Mahmoud Khaled Mahmoud Abed Nabi in front
of his family home in the Jabaliya refugee camp


On 30 March 2012, Palestinians around the
world marked Land Day, commemorating the 1976 killing of 6 Palestinians
protesting against land confiscation by the Israeli authorities.  Across occupied Palestine, thousands of
civilians held peaceful protests, which were responded to with excessive use of
force by Israeli occupation forces. In the Gaza Strip, one civilian protester,
Mahmoud Mohammed Zaqout, 19, was killed, and 38 others were wounded, including
16 children. In similar protests throughout the West Bank, 25 civilians,
including 2 children, were wounded.


“I put the Palestinian flag in the fence
and when I got down from the fence I was shot in the chest. The bullet entered
on the left of my chest and exited from my right side. It was fired from a watchtower
in the fence,” recalls Mahmoud Khaled Mahmoud Abed Nabi, 20, one of the
demonstrators who was shot when Israeli forces responded with live fire during
a protest at the BeitHanoun checkpoint, located on the border between Israel
and the Gaza Strip.


“I had been to demonstrations before,
marking different events,” Mahmoud says. “Land Day is a very important day
because we have to defend our lands, which continue to be occupied by Israel.
We have to sacrifice to protect them,” he continues. “All the young people were
going to the area to protest, because it is such a well-known day, even
internationally. I marched with others and went beyond where the Gazan
authorities were stopping people, and we headed towards the border.” 


Mahmoud describes what happened after he
and the others reached inside the Beit Hanoun checkpoint. “We were holding
flags and throwing stones. Along with dozens of others, I reached the concrete
blocks and barbed wire which the army had put approximately 40 meters away from
the fence. The soldiers shot tear gas canisters at us and shouted threats
through the loudspeakers in the watchtowers. Then they started firing bullets
directly at us. There were no warning shots,” Mahmoud remembers.


“The soldiers were shooting a few
protesters at a time. The injured were transported out of the area by
motorbike,” he says. The cement blocks and barbed wires on the road made it
impossible for ambulances to reach the area. “I saw about eight people getting
injured before I was shot myself. Four of the wounded were shot by soldiers in
the watchtower while they were close to the fence, like me.”


Mahmoud says his injuries were serious and
explains how his family cannot carry the financial burden of his medical costs.
“I am still in pain and my situation is not improving. The bullet passed near
my heart. The doctor told me to take antibiotics, but those cost 100-120
shekels, which our family cannot afford. These medicines are also not available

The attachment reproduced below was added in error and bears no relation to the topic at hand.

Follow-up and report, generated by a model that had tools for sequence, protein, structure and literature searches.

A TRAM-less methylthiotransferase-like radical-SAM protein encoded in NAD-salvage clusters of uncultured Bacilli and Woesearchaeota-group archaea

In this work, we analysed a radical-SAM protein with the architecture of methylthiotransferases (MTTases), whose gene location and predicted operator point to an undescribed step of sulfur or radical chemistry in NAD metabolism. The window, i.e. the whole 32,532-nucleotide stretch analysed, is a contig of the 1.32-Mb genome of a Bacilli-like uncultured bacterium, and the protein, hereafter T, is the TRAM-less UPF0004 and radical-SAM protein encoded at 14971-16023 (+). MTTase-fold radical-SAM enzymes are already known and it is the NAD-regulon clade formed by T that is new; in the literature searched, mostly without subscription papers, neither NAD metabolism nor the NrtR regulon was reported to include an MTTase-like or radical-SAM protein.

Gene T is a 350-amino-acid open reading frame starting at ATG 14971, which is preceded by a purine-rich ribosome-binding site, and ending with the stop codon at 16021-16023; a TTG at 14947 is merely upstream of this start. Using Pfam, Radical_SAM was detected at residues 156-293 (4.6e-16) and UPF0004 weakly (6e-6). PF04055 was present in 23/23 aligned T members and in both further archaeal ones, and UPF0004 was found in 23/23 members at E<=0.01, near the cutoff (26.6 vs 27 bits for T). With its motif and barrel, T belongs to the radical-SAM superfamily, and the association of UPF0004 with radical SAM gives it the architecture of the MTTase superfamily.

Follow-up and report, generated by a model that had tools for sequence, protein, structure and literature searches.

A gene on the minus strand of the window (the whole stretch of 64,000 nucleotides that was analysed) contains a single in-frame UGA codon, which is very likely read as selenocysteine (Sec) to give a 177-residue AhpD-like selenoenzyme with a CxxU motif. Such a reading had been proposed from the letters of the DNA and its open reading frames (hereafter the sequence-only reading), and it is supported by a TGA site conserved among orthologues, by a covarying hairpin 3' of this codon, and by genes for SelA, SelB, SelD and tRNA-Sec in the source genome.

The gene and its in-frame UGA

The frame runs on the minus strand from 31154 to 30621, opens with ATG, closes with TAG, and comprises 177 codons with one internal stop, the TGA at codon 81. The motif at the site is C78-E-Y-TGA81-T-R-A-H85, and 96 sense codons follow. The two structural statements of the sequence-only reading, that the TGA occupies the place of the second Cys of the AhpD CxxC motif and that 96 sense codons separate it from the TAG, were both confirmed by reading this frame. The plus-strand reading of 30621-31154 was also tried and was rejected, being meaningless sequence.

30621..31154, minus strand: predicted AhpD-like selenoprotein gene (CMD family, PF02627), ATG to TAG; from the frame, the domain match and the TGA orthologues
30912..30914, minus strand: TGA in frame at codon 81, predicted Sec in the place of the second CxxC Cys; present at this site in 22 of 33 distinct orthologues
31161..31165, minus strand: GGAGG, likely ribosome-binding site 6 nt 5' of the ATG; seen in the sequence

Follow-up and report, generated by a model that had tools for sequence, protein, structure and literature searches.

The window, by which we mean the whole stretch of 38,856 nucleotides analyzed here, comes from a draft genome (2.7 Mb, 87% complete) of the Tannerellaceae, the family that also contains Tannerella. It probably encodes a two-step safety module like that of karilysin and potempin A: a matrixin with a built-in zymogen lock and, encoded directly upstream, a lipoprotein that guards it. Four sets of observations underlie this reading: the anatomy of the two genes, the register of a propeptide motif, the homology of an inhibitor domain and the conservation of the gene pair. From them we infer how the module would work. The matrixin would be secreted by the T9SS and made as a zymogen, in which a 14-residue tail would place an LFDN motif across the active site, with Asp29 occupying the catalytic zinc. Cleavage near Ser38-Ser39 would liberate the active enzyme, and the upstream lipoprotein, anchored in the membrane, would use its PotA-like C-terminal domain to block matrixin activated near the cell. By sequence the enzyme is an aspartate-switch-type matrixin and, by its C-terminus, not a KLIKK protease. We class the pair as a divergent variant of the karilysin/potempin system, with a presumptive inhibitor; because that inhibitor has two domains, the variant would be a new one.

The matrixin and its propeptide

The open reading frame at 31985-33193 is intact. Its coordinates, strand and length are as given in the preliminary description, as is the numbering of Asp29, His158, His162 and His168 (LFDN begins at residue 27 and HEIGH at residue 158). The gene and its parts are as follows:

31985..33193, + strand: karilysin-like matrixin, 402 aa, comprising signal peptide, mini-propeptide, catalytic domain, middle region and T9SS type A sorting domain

for supply at UNRWA. I have started getting infections in the wound. The pain I
feel worsens at night or when I walk. I have difficulty breathing and throw up
blood sometimes.”


Mahmoud lives in a small house in Jabaliya
refugee camp, together with his parents, four brothers and two sisters. The
family’s dire financial situation is compounded by the injuries to Mahmoud’s
two older brothers, Mohammed, 22, and Iyad, 25, which prevent them from
working. Mohammed was severely injured in the chest and lungs when Israeli
forces  targeted him and a friend while
they were gathering wood during the ’08-’09 military offensive against the Gaza
Strip. Iyad was shot in the side by Israeli Naval Forces while working in the
tunnel area south of Rafah town. Neither of them has fully recovered from their
injuries. The father of the family provides a small income by transporting
items on his horse cart one or two days a week. Mahmoud is pessimistic about
the future and his ability to contribute to the household income: “I don’t have
a future because I cannot work in this condition. I used to have occasional
work, for example in construction, but until now I am not able to do anything
because of the pain,” he says, frustrated.


Israeli forces continue to use excessive
force against demonstrators across the occupied Palestinian territory. Measures
of force applied by the army include firing live and rubber-coated metal
bullets, tear gas canisters and sound bombs at the demonstrators. In 2011, two
Palestinian civilians were killed and 163 others were
wounded as a result. These acts constitute a violation of the right to life,
stipulated in Article 6 of the International Covenant on Civil and Political
Rights; the willful killing of civilians constitutes a war crime under Article
147 of the Fourth Geneva Convention.